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HOME OFFICE UPDATE
Back in 1999, the government made it easier for people to qualify for the home office deduction. No longer were you required to perform your income producing activity (such as seeing patients) within your home office. Instead, as long as you used a portion of your home regularly and exclusively to perform administrative and managerial tasks related to your trade or business, you would qualify.
For renters, this was great news. Since rent isnít otherwise deductible on your federal tax return, being able to claim the home office deduction made a portion of your rent deductible.
For homeowners, however, there was always a trap. If you sold your home for a gain, you would generally be taxed on the portion of your home that you claimed as your home office. This pitfall caused many homeowners to forego this deduction.
Well, the IRS issued final regulations this year pertaining to homeowners who claim the home office deduction, and re-wrote the rules in favor of the homeowner. Under the new rules, if the home office is within your home (and not a separate structure on your property), you no longer would be taxed on the portion of the gain that is attributable to your home office when you sell your home. All you need to do is pay taxes on the depreciation you claimed over the years.
If you were eligible to claim the home office deduction during any of the three previous tax years, and didn't do so because you owned your home and were worried about paying taxes when you sell your home, you still have time to file an amended tax return claiming the home office deduction.
INCREASED TAX BREAKS FOR STUDENTS PAYING TUITION
Anyone paying tuition should be aware of these changes taking effect in 2003 and 2004:
With a presidential election
right around the corner, itís only a matter of time before we
start hearing about tax simplification once again. And the
timing couldnít be better. Thanks to the two tax law
changes enacted during the past three years, the income tax code has never
been more complicated.
Reduced rates: Just about everyone will save taxes since the top bracket was reduced by 3.6%, and the next three brackets were each cut by 2%. A single person with taxable income of $78,400 will save $1,000 in taxes. With $278,400 in taxable income, the savings jumps to $5,000.
Good news for
investors: The maximum long-term capital gains tax rate was cut to 15%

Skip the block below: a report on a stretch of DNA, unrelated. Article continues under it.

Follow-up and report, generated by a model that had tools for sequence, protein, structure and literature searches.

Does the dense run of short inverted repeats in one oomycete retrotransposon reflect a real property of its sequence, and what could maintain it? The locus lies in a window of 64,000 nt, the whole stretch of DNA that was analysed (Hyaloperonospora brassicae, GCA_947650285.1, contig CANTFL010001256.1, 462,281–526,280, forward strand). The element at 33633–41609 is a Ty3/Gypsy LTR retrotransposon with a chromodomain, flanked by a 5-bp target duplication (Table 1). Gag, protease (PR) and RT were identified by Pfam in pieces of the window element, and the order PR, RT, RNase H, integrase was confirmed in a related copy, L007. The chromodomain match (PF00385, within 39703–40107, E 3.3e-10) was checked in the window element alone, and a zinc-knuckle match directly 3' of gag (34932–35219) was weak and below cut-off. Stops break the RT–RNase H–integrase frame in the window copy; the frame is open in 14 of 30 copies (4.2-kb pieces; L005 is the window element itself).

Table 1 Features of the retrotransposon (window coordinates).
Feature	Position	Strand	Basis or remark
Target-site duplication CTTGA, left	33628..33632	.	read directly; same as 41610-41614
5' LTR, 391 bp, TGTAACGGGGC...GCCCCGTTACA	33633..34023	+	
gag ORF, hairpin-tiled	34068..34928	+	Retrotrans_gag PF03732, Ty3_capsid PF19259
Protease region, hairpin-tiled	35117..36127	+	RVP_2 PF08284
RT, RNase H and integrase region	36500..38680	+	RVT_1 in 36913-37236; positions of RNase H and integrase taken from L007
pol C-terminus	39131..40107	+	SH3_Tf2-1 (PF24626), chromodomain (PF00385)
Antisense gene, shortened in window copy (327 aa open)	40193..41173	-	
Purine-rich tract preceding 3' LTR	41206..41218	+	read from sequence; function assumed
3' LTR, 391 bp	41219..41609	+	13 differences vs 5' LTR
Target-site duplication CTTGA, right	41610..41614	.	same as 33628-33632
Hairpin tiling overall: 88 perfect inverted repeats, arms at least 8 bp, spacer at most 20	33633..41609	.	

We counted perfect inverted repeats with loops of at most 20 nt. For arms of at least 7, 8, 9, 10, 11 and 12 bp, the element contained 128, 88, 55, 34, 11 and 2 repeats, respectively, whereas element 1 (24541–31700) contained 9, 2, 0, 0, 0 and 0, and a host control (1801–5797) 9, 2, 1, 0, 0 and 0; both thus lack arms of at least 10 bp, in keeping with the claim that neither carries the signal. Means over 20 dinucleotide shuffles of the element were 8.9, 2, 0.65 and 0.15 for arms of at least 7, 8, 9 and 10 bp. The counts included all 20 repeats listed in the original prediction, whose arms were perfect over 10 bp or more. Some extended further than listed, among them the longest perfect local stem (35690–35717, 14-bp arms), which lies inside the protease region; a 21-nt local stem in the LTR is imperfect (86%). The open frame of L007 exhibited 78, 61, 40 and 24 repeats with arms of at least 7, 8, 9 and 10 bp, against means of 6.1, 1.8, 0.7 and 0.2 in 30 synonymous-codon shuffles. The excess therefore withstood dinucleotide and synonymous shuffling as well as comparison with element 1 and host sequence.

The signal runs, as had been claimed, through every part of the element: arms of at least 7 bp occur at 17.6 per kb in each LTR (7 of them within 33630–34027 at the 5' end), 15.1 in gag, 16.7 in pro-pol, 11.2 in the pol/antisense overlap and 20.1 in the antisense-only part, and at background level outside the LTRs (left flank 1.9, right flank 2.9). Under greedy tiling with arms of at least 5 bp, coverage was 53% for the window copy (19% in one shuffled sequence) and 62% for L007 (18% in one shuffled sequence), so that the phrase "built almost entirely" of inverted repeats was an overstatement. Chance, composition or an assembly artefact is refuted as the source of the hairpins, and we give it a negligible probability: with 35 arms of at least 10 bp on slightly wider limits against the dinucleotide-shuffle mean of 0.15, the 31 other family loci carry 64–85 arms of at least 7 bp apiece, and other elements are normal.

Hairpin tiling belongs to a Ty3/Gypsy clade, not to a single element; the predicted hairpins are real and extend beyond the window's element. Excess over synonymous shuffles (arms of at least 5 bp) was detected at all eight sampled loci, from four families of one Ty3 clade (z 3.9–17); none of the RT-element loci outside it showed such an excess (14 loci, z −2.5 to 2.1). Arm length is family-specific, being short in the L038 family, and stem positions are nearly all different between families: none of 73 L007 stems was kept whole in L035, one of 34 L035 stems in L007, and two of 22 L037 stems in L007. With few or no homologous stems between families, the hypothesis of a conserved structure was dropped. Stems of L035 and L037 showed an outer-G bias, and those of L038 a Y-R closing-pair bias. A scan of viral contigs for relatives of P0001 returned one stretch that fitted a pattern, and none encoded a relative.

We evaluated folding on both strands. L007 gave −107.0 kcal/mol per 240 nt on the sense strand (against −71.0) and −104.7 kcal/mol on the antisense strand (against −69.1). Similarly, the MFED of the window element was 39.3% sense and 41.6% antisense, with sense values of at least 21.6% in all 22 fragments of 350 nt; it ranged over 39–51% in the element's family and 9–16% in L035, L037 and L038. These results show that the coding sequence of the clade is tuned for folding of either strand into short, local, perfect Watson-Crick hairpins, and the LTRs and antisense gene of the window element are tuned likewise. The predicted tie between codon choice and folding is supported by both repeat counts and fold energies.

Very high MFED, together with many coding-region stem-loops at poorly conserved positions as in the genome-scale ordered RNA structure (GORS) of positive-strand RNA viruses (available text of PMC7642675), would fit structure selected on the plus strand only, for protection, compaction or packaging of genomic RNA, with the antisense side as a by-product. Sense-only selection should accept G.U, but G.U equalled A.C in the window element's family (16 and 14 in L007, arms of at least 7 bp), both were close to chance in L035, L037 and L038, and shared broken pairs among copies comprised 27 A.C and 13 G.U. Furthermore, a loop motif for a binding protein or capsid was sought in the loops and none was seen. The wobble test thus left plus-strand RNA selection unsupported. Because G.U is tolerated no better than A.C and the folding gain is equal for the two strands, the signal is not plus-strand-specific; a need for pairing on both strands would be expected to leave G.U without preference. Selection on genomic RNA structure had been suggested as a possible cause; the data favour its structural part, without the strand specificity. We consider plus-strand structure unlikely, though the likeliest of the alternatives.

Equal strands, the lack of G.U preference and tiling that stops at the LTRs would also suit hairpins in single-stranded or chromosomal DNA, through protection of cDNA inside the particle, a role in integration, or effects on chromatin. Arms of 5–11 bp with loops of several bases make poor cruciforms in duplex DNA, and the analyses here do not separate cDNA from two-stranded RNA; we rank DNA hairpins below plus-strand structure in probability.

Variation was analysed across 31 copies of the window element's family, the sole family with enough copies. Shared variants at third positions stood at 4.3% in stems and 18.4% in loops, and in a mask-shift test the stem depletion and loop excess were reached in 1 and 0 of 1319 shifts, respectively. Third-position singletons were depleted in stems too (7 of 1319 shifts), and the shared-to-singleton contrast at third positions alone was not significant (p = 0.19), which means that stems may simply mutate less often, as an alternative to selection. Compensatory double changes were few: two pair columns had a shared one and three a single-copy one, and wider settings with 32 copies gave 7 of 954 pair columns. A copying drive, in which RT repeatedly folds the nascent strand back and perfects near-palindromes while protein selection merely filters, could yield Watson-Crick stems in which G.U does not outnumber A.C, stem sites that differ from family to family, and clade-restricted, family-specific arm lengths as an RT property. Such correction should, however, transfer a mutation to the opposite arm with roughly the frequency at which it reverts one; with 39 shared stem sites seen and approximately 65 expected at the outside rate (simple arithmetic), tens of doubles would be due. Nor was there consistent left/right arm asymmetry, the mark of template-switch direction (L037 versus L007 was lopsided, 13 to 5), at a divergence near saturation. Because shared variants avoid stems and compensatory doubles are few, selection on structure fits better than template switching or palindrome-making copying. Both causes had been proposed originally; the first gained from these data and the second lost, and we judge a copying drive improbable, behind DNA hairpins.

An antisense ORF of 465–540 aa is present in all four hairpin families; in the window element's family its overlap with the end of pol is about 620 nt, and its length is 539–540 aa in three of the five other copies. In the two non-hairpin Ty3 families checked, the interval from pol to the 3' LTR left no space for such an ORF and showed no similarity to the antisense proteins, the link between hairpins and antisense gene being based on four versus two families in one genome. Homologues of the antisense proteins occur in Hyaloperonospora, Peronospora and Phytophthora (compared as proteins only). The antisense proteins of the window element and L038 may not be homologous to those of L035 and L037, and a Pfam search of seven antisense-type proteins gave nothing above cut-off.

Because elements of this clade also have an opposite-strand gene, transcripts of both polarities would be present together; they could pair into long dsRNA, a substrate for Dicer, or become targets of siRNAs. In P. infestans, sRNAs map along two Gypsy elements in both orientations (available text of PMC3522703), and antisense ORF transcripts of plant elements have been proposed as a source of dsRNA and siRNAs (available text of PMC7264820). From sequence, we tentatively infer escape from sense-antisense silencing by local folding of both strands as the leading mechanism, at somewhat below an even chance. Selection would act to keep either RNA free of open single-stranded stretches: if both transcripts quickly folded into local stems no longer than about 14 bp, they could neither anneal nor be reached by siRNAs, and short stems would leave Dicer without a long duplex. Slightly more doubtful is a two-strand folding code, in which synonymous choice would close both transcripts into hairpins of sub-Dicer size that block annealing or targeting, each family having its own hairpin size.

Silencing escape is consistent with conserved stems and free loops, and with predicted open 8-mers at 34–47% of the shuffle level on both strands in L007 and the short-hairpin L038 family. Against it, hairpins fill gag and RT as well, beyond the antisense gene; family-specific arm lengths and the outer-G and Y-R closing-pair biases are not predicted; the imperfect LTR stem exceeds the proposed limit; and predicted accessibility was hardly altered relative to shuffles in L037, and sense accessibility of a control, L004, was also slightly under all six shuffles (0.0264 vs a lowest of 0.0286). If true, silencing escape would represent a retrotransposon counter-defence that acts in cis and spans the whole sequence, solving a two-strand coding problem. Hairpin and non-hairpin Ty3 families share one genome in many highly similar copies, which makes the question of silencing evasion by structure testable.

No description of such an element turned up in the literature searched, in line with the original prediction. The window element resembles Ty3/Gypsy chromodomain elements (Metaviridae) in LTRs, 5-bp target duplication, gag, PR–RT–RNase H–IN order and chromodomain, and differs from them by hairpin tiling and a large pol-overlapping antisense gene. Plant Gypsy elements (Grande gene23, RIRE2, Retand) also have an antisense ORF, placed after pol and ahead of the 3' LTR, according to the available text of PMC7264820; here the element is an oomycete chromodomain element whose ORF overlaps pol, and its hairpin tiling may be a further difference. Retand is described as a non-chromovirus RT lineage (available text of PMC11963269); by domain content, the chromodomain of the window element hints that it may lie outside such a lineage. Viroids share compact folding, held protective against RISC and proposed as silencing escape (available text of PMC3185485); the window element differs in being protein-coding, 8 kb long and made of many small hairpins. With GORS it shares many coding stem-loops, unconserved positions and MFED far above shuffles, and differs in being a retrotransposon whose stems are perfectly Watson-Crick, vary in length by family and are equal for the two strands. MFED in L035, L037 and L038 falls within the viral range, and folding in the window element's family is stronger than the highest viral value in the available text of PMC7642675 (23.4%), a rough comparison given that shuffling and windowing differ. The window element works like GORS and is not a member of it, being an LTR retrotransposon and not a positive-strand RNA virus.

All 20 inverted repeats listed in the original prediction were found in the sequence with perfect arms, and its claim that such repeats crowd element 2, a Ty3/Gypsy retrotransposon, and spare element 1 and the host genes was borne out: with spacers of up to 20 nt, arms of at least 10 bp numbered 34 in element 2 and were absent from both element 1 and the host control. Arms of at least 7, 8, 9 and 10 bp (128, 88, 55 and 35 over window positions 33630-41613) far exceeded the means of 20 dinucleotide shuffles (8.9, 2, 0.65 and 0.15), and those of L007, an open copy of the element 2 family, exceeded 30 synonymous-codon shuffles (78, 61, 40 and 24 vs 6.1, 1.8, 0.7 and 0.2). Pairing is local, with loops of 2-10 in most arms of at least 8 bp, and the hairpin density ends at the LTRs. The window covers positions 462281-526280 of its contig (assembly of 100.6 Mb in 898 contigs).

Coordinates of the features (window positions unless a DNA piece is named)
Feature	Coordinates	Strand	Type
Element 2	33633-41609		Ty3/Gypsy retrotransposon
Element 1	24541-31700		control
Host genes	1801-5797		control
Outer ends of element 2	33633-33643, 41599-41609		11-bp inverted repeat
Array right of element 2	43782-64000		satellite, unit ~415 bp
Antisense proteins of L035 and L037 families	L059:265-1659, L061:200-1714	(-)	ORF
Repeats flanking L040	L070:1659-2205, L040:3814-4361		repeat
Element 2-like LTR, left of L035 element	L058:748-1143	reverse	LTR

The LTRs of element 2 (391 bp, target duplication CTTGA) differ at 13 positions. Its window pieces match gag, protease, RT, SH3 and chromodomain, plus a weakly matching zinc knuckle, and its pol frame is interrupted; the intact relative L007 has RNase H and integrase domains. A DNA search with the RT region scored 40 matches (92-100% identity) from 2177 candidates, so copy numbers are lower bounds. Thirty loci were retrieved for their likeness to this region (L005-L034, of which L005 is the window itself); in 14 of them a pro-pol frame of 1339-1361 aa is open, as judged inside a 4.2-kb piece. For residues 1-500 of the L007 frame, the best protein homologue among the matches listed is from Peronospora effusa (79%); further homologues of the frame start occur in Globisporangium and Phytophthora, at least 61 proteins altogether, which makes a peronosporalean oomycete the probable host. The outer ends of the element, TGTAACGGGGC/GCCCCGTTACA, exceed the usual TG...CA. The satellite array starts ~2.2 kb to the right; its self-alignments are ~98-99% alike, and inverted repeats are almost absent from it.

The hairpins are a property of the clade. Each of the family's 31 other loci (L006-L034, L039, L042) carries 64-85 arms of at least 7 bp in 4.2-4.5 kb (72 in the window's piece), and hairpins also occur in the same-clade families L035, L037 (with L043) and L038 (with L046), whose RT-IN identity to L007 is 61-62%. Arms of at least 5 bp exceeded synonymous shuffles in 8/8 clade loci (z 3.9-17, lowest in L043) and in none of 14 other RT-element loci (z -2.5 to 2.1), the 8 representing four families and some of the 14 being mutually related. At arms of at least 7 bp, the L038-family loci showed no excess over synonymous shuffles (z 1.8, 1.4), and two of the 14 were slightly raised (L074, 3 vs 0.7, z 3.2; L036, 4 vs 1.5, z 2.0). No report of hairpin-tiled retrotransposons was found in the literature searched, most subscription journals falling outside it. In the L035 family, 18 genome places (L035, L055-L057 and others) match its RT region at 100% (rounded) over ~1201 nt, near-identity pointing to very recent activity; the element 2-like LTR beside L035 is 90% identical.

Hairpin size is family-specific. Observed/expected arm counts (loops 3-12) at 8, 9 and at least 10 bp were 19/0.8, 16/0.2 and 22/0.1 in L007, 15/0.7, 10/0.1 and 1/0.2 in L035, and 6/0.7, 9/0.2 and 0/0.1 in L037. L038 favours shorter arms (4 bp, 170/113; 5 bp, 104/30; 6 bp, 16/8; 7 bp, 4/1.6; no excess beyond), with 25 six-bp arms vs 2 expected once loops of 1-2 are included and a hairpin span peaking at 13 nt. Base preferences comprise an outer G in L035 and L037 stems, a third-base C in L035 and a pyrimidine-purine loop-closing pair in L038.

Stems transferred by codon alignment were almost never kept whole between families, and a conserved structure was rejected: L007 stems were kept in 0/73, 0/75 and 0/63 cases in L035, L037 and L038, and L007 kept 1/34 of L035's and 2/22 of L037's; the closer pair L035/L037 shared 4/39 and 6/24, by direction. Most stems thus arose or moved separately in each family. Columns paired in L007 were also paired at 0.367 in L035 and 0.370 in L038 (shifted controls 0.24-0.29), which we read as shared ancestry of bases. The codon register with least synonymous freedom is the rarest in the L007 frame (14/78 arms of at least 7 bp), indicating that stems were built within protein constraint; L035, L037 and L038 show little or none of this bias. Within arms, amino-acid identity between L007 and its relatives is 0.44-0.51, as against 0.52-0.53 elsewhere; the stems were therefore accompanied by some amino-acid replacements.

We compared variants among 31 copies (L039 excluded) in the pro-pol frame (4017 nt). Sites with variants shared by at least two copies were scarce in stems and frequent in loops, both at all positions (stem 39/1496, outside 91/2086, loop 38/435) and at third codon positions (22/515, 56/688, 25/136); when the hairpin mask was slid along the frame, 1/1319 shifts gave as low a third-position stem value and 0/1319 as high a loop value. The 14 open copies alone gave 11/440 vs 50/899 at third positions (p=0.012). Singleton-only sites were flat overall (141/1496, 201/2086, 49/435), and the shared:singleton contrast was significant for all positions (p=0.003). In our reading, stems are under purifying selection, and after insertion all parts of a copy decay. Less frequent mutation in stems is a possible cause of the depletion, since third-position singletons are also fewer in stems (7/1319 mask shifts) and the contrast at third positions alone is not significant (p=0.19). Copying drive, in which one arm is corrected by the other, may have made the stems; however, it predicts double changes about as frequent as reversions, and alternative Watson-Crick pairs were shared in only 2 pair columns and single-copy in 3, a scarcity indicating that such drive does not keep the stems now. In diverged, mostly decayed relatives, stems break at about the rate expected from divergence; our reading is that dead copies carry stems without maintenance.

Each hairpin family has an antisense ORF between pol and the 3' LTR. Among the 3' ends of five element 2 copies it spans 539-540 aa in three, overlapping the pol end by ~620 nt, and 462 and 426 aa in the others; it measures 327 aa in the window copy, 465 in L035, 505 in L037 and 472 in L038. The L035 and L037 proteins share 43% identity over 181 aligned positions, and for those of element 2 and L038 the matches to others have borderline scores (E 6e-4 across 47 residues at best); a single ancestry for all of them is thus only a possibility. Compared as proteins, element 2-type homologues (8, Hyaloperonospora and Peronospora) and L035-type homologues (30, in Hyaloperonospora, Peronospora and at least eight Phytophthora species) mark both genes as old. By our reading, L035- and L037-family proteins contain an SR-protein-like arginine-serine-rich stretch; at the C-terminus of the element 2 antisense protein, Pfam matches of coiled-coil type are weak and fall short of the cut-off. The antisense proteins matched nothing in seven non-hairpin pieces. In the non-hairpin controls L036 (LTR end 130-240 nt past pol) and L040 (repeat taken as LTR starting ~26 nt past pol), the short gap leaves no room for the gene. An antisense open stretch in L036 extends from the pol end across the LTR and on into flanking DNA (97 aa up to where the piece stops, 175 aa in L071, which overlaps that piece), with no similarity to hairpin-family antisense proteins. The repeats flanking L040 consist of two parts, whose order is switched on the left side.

for most taxpayers, but only for post-May 5, 2003 transactions. Remember, to
qualify as long-term, an investment must be held for more than one year
before being sold. The tax rate on dividends was also cut to 15%, a
reduction of 23.6% from the previous top rate.
Beware of the A.M.T.: One byproduct of this tax-cut package is that your chances of getting hit by the Alternative Minimum Tax (AMT) have increased substantially. When youíre subject to the AMT, you lose out on your personal exemptions, your standard deduction, and on certain itemized deduction. While your mortgage interest and charitable contributions generally remain fully deductible, your real estate taxes, state income taxes, unreimbursed professional expenses, and certain home equity loan interest arenít deductible under the AMT.
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SAVE MONEY BY TAKING ADVANTAGE OF LOW INTEREST RATES
Are you taking advantage of these reduced rates? Lower rates will help you cut down on the time it takes you to get out of debt by minimizing the interest you pay each month. Remember, the lower the interest rate, the larger the portion of your monthly payment that will get applied against your outstanding balances.
You work hard to keep your credit report as clean as possible. Even so, the current credit reporting system allows for incorrect items to appear on your report that could adversely affect your credit score. Make sure that the information on your credit report is accurate by ordering a free copy of your credit report on-line at OnlineCreditInfo.com or by purchasing a merged credit report reflecting information from all three credit reports at 130secondreport.com.